The Central Bureau of Investigation (CBI) has booked Dewan Housing Finance Corporation Limited (DHFL), and sibling duo — Kapil Wadhawan and Dheeraj Wadhawan — in a banking fraud worth ₹34,615 crore, the biggest in the country so far.
The first information report (FIR) dated June 20, 2022, also mentions Sudhakar Shetty and his realty firm Amaryllis Realtors, eight other real estate companies, and unidentified public servants and private individuals in the list of accused.
The investigation agency filed the case based on the complaint by lending consortium leader Union Bank of India made on February 11 earlier this year. The FIR states that DHFL, the Wadhawan brothers — the then directors of the housing finance company, Shetty and other accused entered into a criminal conspiracy to defraud a group of 17 banks.
“... in pursuance of the said criminal conspiracy the said accused kapil Wadhawan and others induced the consortium banks to sanction huge loans aggregating to ₹42,871.42 crore and siphoned off and misappropriated a significant portion of the said funds by falsifying the books of the DHFL and dishonestly defaulted on repayment of the legitimate dues of the said consortium banks, thereby causing a wrongful loss of ₹34,615 crore to the consortium lenders,” the report reads.
In its complaint, Union Bank of India had mentioned that a consortium of lenders was formed in July 2010 with 29 member banks. With several lenders exiting and joining the group, the number of banks as on July 31, 2020 stood at 17, and including State Bank of India, Union Bank of India, Canara Bank, Bank of India, Punjab National Bank, Indian Bank, Bank of Baroda, IDBI Bank, Punjab & Sind Bank, Bank of Maharashtra, Central Bank of India, Indian Overseas Bank, UCO Bank, Federal Bank, HDFC Bank, South Indian Bank and Karnataka Bank.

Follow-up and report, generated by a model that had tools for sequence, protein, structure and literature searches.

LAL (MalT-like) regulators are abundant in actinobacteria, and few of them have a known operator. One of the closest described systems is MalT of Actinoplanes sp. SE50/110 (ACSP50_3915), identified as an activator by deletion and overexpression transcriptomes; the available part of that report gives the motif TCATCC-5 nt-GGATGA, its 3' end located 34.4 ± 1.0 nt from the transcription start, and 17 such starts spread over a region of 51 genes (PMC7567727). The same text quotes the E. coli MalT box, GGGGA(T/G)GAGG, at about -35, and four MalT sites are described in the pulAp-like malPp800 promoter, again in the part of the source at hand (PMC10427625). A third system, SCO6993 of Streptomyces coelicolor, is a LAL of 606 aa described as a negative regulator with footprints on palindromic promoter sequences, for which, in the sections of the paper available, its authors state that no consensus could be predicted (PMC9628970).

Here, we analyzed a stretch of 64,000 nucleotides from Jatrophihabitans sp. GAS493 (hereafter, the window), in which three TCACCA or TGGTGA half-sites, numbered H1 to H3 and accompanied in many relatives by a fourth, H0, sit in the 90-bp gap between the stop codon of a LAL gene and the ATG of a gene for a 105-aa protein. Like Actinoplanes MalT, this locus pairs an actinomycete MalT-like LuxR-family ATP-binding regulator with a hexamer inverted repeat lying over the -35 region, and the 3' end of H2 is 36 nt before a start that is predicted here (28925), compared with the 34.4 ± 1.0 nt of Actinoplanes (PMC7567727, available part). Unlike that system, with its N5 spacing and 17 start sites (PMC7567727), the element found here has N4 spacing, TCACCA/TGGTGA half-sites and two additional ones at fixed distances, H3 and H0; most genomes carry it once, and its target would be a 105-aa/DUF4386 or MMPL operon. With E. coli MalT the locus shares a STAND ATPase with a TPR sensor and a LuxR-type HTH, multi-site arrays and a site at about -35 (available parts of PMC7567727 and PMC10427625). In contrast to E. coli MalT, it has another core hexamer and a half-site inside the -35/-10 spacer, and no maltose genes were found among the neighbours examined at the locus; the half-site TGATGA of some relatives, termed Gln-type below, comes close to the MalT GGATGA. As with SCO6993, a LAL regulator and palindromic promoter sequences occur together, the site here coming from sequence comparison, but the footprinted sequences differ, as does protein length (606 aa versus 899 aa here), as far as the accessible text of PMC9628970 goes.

As per the details furnished by Union Bank of India, as on July 31, 2020, State Bank of India had the highest exposure to DHFL at ₹9,898.76 crore. Bank of India, Canara Bank, Union Bank of India and Punjab National Bank reported exposures to the tune of ₹4,044.34 crore, ₹4,022.52 crore, ₹3,813.41 crore and ₹3,802.09 crore, respectively.
DHFL first started defaulting on its payment obligations to lenders from May 2019 onwards. The lenders in the consortium had termed accounts of DHFL with them as non-performing assets between October and December 2019. These were subsequently classified as fraud between March and August 2020.
As DHFL and several other NBFCs continued to face financial troubles on account of the IL&FS crisis, the shares of the financer saw sharp correction. Around January 2019, reports of serious allegations of fraud against DHFL and its promoters and directors surfaced. While DHFL and Kapil Wadhawan assured lenders of adequate liquidity and efforts to de-stress the company, the HFC continued to default on its payment obligations.
A forensic audit by KPMG revealed disbursement of loans and advances by DHFL to 66 interconnected entities and individuals and with commonalities to DHFL promoters. Of these, 25 entities had minimal operations and were granted loans or inter corporate deposits (ICDs). These 66 entities received ₹29,100.33 crore, against which ₹29,849.62 crore remains outstanding, Union Bank of India had alleged in its complaint.
The KPMG audit flagged significant financial irregularities, diversion of funds, fabrication of books, round tripping of funds, the proceeds from which were then used to create assets for Kapil and Dheeraj Wadhawan.